Eye For Film >> Movies >> Cold Fish (2010) Film Review
Say what you like about director Sion Sono, compromise and predictability are not his strong suits. An actor, director and poet rolled into one, Sono's films have attracted acclaim and controversy inside and out of Japan for their extreme, wildly inventive and eclectic nature. His lengthy, genre-bending and invigorating 2008 feature Love Exposure, which came to the UK in 2009, somehow managed to cram together martial arts, lesbian fever, religious torment and the fine art of upskirt photography while winning awards worldwide (including a prize at the Berlin Film Festival). Like it or not, a Sono release is now seen as a cult film event, with extreme visuals, borderline exploitation, and a gleeful, crazy sense of humour all possibilities.
Apparently based on a true serial killer story - the real life exploits of serial killer couple Gen Sekine and his ex-wife Hiroko Kazama (perpetrators of the 1993 “Saitama serial murders of dog lovers” killings in Tokyo) - Cold Fish is a stark, bleak film whose narrative unfolds in a relatively straightforward way with far fewer visual flourishes than Sono's Love Exposure.
The story sees humble tropicial-fish store owner Shamoto (Mitsuru Kukikoshi) presiding over an unhappy home. His teenage daughter Mitsuko (Hikari Kajiwara) couldn't careless for her attractive and young stepmother Taeko (Megumi Kagurazaka), and Shamoto worries that his modest income and lack of ambition have stifled his new wife's dreams. Caught shoplifting in a supermarket, rebellious daughter Mitsuko is bailed out by another customer, Murata (Denden), the owner of a much larger fish store. Murata talks the supermarket manager out of pressing charges by offering to help Shamoto's daughter go straight with a job and a place to stay at the dormitory attached to his fish store. Shamoto is relieved - at first.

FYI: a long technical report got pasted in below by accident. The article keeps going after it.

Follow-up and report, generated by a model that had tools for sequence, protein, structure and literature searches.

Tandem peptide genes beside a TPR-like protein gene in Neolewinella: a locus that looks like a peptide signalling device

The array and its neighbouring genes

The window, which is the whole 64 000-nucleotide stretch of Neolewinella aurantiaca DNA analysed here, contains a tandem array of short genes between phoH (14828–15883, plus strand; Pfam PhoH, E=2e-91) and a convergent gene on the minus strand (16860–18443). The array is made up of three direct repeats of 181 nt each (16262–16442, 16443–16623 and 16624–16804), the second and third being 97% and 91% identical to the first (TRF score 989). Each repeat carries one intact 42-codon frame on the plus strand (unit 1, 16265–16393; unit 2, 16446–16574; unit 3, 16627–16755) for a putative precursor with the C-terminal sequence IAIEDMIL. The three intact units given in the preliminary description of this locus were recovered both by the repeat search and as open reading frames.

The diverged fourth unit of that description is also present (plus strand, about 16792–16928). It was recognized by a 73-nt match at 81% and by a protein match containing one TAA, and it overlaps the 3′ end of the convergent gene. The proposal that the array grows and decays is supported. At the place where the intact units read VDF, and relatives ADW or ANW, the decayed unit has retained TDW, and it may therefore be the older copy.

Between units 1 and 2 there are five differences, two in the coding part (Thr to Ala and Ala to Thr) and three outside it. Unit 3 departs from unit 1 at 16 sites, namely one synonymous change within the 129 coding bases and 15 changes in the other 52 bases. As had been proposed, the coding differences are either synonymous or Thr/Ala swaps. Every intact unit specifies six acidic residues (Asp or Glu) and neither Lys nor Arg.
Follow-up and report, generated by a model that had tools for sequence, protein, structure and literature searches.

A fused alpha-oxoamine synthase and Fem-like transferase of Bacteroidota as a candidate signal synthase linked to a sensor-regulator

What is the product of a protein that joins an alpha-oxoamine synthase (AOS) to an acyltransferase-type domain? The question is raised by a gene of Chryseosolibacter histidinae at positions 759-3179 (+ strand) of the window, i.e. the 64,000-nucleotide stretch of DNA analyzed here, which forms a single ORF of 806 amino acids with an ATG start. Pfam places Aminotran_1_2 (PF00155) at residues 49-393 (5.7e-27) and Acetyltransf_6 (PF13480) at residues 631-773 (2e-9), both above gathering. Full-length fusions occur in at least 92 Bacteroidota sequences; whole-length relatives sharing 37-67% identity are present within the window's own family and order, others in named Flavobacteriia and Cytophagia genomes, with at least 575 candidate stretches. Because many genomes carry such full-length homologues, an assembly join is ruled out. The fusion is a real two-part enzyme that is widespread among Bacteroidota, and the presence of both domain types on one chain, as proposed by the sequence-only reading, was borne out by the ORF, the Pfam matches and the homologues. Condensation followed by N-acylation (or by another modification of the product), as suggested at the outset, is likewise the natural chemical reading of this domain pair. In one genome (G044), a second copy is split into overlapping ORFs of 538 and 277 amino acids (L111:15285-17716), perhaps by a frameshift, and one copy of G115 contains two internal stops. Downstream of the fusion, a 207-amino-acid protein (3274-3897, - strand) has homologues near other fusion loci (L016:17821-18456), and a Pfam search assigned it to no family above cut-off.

But there's a catch: the gregarious Murata, and his sex-kitten younger wife Aiko (Asuka Kurosawa), are unhinged serial killers. Murata has killed scores of people over the years, sometimes for money but seemingly the slightest perceived insult is enough to set him off. Inevitably, Shamoto witnesses Murata commit a murder of an insufficiently agreeable business partner, and is then himself threatened into helping dispose of the body through the age-old tactic of chopping it up into pieces in a hideout.
Murata and Aiko revel in their sexual exploits and insane tag team butchery, in one scene discussing the quality of the manhood of a lawyer Aiko slept with before he was killed, as aforementioned manhood is sliced and diced along with the rest of the body into a bloody swamp on the floor. Seemingly too meek and humbled to resist, Shamoto is soon under suspicion from the police and forced deeper and deeper into the murderer's schemes until his very psyche begins to crack.
At times the tone gets hysterical and there are moments of utter ridiculousness, but there are smart layers of black satire underlying the proceedings and any extreme material ends up helping emphasise the journey into murderous insanity the film takes us on. In contrast to the deliriously over-the-top Love Exposure, Cold Fish is a piece that gradually pulls you towards the bloody madness: a cold, brutal film that feels like it is dragging you down.
There are plenty of scenes of extreme verbal humiliation, rape, domestic abuse and dismemberment that combined with the cool, grainy cinematography suggest a soullessness and viciousness in this Tokyo suburbia. Right at the centre of this vortex of madness is Murata, superbly played by Denden, who lays on a monster of a performance so intense that you can understand how his character could so totally consume Shamoto. It's a performance that matches the tone of film itself: walking that fine line between the ridiculous and the terrifying.Reviewed on: 09 Apr 2011
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